(July 26, 2013) As they say in the entertainment industry, no press is bad press.
Except when the press is about consecutive bank robberies, or near-stabbings of bar owners, or arresting a pregnant woman and allegedly causing her to require an emergency c-section.
With all that and more expected to hit the national news media this week, the question remains as to whether the city’s recent high-profile crimes will have anything to do with its so-far spotty tourism performance.
“I can certainly tell you that there’s a lot more news about negative things in Ocean City than I normally see, but it would be tough to say that it definitely affects tourism,” said Andy Malis, president of MGH, the city’s contracted advertising firm.
June data from the Smith Travel Report, which compiles booking data from franchise hotels, pegs the city’s room occupancy as down three percent from last year. But competitor resorts are taking an even bigger hit, with Atlantic City showing a 20 percent drop, even when room availability lost to Hurricane Sandy is factored in.
“There’s a huge question here as to what’s really going on,” Malis said. “If the trend from June’s business holds for the whole summer, and you look at how worse Jersey is doing, then where’s everybody going?”
Some public officials have asserted that the city’s image could be a factor in its inconsistent performance this summer season.
“There’s still this intimidation going on … people are emailing us and saying, ‘This is what I saw on 8th Street or 12th Street or on the Boardwalk in front of my hotel, and they’re not happy about it,” said Councilwoman Margaret Pillas at a recent council session.
“Some of these visitors [who contact the council] are really angry, and I think the community doesn’t necessarily see that and it makes it seem like we’re trying to make something that’s not there, but it is,” said Councilman Brent Ashley
Ashley has come under fire from some of his colleagues recently for the amount of attention garnered by his proposed “saggy pants ordinance,” which would establish a public decency code for the Boardwalk to help combat what Ashley sees as a growing “thug” image to the venue.
But at the same time, the Ocean City Police Department reported earlier this month that its overall calls for service were down 6.3 percent for June, indicating that less police activity overall has been needed. But this has done little to assuage public doubt, it seems.
“It seems to me that if the visitorship is down 10 percent, the calls should be down 10 percent,” Ashley said, citing the 5 to 10 percent average drops that have been seen so far this year in the resort’s room tax receipts and demoflush numbers, which estimate population based on wastewater flow.
“The calls or service are not necessarily indicative of the environment,” Ashley added. “This is what I’ve been saying – it’s the perception visitors have of us.”
Perception, it would seem, is less influenced by the OCPD’s hard data and more by the number of headline-grabbing crimes in the resort, of which there have been many this year.
“A lot of the evidence is anecdotal,” said Susan Jones, executive director of the Ocean City Hotel-Motel-Restaurant Association. “The police have said their numbers are down, but that doesn’t mean I won’t get a call from a hotelier when something happens right outside their place that they aren’t happy about.”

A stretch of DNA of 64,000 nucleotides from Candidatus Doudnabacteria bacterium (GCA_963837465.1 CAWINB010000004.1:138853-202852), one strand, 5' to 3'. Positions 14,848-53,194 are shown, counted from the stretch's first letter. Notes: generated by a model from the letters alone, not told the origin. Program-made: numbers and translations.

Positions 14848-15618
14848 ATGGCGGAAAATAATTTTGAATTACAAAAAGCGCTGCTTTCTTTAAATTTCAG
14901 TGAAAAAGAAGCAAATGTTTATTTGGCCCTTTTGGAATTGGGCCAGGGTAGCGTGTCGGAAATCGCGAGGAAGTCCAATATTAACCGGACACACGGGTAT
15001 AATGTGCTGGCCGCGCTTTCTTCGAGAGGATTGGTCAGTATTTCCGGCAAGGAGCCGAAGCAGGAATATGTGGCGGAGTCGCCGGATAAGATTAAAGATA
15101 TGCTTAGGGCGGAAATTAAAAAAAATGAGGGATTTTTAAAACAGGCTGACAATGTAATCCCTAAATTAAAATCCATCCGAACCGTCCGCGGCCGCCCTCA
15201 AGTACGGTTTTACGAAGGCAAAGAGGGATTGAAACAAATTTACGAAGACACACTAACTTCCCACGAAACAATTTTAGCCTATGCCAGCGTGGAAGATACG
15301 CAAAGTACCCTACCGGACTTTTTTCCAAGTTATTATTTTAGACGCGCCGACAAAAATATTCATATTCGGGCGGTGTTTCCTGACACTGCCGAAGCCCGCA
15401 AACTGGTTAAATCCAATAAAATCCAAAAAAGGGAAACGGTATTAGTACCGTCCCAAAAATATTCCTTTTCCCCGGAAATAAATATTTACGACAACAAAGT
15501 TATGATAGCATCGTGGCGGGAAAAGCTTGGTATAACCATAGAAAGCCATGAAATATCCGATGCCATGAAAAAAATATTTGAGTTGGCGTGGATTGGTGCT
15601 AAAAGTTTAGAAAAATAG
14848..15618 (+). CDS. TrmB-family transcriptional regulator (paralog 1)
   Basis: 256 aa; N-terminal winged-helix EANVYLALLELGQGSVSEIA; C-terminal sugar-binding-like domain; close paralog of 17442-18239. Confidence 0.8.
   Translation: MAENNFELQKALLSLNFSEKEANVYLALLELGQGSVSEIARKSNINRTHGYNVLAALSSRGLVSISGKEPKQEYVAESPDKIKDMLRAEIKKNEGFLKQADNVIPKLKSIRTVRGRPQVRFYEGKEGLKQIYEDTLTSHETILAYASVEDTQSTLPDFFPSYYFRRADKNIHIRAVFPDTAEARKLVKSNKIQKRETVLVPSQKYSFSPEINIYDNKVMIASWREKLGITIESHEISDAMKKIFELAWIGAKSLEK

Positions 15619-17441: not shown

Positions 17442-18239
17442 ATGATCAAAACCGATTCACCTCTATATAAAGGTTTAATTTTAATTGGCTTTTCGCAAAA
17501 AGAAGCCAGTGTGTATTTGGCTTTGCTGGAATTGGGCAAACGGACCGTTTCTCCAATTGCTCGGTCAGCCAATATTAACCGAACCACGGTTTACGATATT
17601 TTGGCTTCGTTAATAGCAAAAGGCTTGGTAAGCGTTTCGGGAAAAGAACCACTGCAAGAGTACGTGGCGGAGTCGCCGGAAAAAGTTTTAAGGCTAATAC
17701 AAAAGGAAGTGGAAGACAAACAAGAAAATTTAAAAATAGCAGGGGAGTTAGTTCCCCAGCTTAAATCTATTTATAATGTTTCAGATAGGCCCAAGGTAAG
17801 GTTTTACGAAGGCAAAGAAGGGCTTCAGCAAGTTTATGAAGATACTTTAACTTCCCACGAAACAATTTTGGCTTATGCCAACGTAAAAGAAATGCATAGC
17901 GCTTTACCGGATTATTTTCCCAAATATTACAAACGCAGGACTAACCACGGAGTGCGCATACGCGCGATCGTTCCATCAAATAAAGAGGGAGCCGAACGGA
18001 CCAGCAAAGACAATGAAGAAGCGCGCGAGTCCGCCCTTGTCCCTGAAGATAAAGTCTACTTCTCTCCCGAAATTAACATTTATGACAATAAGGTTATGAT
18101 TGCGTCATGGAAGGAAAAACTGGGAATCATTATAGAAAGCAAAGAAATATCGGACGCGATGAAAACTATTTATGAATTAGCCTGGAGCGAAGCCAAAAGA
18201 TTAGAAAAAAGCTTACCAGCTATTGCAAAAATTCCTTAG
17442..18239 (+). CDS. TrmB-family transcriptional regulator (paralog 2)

Comparative arrest data for this year is difficult to read given that it has been somewhat lowered by new state laws. Maryland is now allowing certain minor criminal offenses to be dealt with via citation, instead of a full arrest and arraignment.
Many of the offenses affected are drug-related – a category of arrests that made up the bulk of the OCPD’s work last June. The Ocean City Police Department made 505 drug arrests in June 2012, according to its year-end report, almost as many as in July and August combined. That number has plummeted for this year to 236.
But what does appear to be on the rise are weapons arrests, which the OCPD’s latest data show totaled 65 for June 2013, more than double the 32 reported in June 2012. This would, ostensibly, support the theory pushed by Ashley and some others that what crime remains in the resort is of a more severe and onerous variety than the minor drug infractions that have padded numbers in the past.
Whether or not crime is a factor, the consensus among business owners seems to be that success is more temporal this year than last, with visitors no longer committing to longer stays or coming in spite of the weather.
“We used to have people who would book four or five nights [in advance],” said Joe Jobson, a motel and condominium owner who spoke at last week’s City Council meeting. “That doesn’t happen anymore. Even on the Fourth of July, it took us until midnight to fill up.”
As of May, Smith Travel showed the resort’s average revenue per available room – occupied or not – on weekends as down 1.2 percent year-to-date as opposed to 2012. For weekdays, this drop jumped to 8.9 percent.
“June was rough,” said another prominent local business owner. “When the weather was good, we were up, but when it was bad, we were really, really down. It’s going to take a lot to recover.”
“It’s been a wacky season,” Jones said. “The wet weather in the spring will probably impact the bottom line unless we see some big upsurge soon.”
The Greater Ocean City Chamber of Commerce has sent out a survey asking members how their businesses has been affected, and by what, so far this year.
“You hear anecdotally that business is off because of the weather, or because of this or because of that,” said Chamber Executive Director Melanie Pursel. “I put together a survey that was a sort of season status. I actually listed every major event that we’ve had up through the Fourth of July and asked our members to gauge how it impacted them.”